THE NOISE of a record deck being manhandled, the abrasive sound of music disrupted by sleight of hand, the stuttering rhythm of phonetic repetition... It was 16 years ago that an unsuspecting public was first exposed to scratch mixing through Malcolm McLaren's "Buffalo Girls" and "D'You Like Scratchin'?". For many, it represented little more than a disposable gimmick. However, for the nation's nascent b- boys, this was a skill to be acquired; for DJs everywhere, it was an injunction to "K- k-k-keep scratchin'".
Just as the previous generation had marvelled at the fret-work of Jimi Hendrix, the 1980s hip-hop generation came to idolise the dexterity of the scratch mixer, embracing the apparently new musical form as part of the hip-hop lifestyle. It's an obsession that has developed into a global phenomenon today, with scratch crews emerging everywhere, and the influence of the scratch mix is now widespread.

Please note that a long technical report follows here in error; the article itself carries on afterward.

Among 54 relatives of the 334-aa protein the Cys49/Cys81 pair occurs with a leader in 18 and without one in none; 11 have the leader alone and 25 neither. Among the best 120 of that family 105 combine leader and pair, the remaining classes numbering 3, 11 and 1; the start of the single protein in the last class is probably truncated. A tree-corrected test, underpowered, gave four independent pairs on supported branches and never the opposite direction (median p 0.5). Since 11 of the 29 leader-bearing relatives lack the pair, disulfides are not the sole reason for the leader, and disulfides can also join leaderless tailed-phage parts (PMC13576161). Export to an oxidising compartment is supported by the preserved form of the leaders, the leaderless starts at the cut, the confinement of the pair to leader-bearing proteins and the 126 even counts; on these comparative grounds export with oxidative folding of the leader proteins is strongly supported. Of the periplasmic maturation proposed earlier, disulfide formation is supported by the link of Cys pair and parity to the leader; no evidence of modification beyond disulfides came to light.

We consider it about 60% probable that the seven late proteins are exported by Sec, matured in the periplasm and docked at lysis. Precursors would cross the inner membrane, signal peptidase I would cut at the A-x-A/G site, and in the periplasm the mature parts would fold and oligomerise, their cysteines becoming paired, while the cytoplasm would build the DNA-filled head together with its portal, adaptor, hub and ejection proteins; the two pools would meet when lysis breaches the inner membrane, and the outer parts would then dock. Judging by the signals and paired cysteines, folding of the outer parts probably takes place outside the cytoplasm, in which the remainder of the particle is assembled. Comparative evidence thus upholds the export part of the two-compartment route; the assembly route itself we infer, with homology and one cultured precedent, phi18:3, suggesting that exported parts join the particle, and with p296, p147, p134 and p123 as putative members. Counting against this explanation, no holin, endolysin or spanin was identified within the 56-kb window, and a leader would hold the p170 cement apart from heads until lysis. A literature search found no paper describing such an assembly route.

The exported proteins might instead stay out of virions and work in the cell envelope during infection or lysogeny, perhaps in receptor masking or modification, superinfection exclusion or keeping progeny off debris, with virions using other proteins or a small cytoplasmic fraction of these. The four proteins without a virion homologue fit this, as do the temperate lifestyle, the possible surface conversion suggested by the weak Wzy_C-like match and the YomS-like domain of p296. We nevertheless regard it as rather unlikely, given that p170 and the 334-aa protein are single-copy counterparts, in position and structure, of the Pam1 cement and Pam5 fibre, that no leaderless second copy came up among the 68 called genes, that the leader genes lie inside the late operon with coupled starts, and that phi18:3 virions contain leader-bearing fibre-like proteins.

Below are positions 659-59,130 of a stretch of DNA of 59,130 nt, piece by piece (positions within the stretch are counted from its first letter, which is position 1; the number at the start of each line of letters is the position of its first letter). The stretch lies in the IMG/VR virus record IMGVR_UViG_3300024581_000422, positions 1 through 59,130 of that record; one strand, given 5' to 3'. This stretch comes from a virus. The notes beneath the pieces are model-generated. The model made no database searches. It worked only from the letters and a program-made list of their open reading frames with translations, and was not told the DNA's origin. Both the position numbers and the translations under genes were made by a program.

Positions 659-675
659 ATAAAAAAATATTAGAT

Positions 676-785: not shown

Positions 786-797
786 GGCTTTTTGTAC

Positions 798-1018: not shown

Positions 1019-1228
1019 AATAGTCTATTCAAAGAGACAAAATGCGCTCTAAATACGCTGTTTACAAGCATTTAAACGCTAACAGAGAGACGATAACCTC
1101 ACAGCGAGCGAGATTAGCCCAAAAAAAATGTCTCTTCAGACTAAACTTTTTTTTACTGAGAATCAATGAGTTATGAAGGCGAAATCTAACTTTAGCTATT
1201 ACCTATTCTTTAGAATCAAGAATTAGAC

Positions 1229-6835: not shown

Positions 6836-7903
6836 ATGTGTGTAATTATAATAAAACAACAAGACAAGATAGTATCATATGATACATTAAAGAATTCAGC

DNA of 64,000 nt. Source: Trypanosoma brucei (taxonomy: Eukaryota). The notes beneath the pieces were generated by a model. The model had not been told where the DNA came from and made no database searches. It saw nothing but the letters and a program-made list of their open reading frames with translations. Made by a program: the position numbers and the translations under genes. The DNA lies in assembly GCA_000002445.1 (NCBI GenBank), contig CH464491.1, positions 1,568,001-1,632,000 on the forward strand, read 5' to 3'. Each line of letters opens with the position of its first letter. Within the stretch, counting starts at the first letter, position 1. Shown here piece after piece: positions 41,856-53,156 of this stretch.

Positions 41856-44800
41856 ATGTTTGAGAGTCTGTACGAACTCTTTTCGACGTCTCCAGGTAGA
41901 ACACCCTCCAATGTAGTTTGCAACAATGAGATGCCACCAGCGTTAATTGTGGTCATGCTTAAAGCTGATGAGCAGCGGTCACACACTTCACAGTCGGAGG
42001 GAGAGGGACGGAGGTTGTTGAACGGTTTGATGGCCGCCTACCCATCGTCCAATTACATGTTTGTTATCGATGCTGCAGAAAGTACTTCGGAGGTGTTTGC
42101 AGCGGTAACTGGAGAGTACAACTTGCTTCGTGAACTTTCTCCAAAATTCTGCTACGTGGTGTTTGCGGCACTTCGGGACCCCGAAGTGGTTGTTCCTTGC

However, the concept of the scratch as artform antedates hip-hop by some 40 years with the works of avant-garde classical composer John Cage. His Imaginary Landscape No 1 (1937) manipulated turntables to create a rhythmic texture, while Cartridge Music (1938) found him rubbing a stylus against various inappropriate objects. These were the basics of what has become known as "turntablism". In Cage's work lies the fundamental ideology behind hip-hop: the subversion of standard hardware usage and the destruction of musical tradition. Put simply, the scratch involves reducing the record to an unidentifiable frequency through the misuse of a Technics SL 1200 record deck. It is, as Kudwo Eshun suggests in his book More Brilliant than the Sun, "a violence against vinyl rather than respect due to the greats". Mixmaster Mike (the Beastie Boys' DJ, and part of San Francisco- based crew Invisbl Skratch Piklz) says: "Scratch mixers can take any piece of music and manipulate it into something which is unrecognisable and then use it to create a bass and snare, or simply scratch a drum. It's all part of the skill." The most common misunderstanding surrounding turntablism is that scratching is simply about moving a record backwards and forwards under an amplified cartridge. In fact, it's a skill that involves tremendous dexterity. As one hand manipulates the vinyl, the other works the mixers' cross-faders, phase switches, volume slides and EQs at lightning speed, occasionally adjusting the pitch control for added effect. Throughout, records are replaced and needles placed on the required groove with precision. The intensity of this kind of performance can occasionally echo the self-indulgence of a guitar solo. DJ Shadow, whose recent production work on the Unkle album explored many of the techniques of scratching, calls this "the Van Halen effect, where those really long scratch solos - which are as boring as an Eddie Van Halen guitar solo - bore an entire audience except for the two or three other DJs who appreciate his highly evolved wrist action". This type of show-off activity is, however, at the very heart of b-boy culture. Where rappers challenge one another to freestyle sessions, the scratch DJ goes in for the deck dual. From the days of Grandmaster Flash working his infamous wheels of steel in competition with Grand Wizard Theodor (reputedly hip-hop's first scratch mixer at the age of 11), and other notable showdowns like those between Scott La Rock and Marley Marl, the battle is essential to the development of the art. Indeed, since 1985 the leading DJs have been involved in the highly organised annual DMC Championships, a battleground where scratching techniques are premiered. Far from being a specialist style with a limited audience, scratch mixing has proven to be exceptionally influential. Turntablism informs the work of artists as disparate as Portishead, Goldie and The Prodigy - the latter's cut-and-paste ethic echoing the scratch in its most basic form. …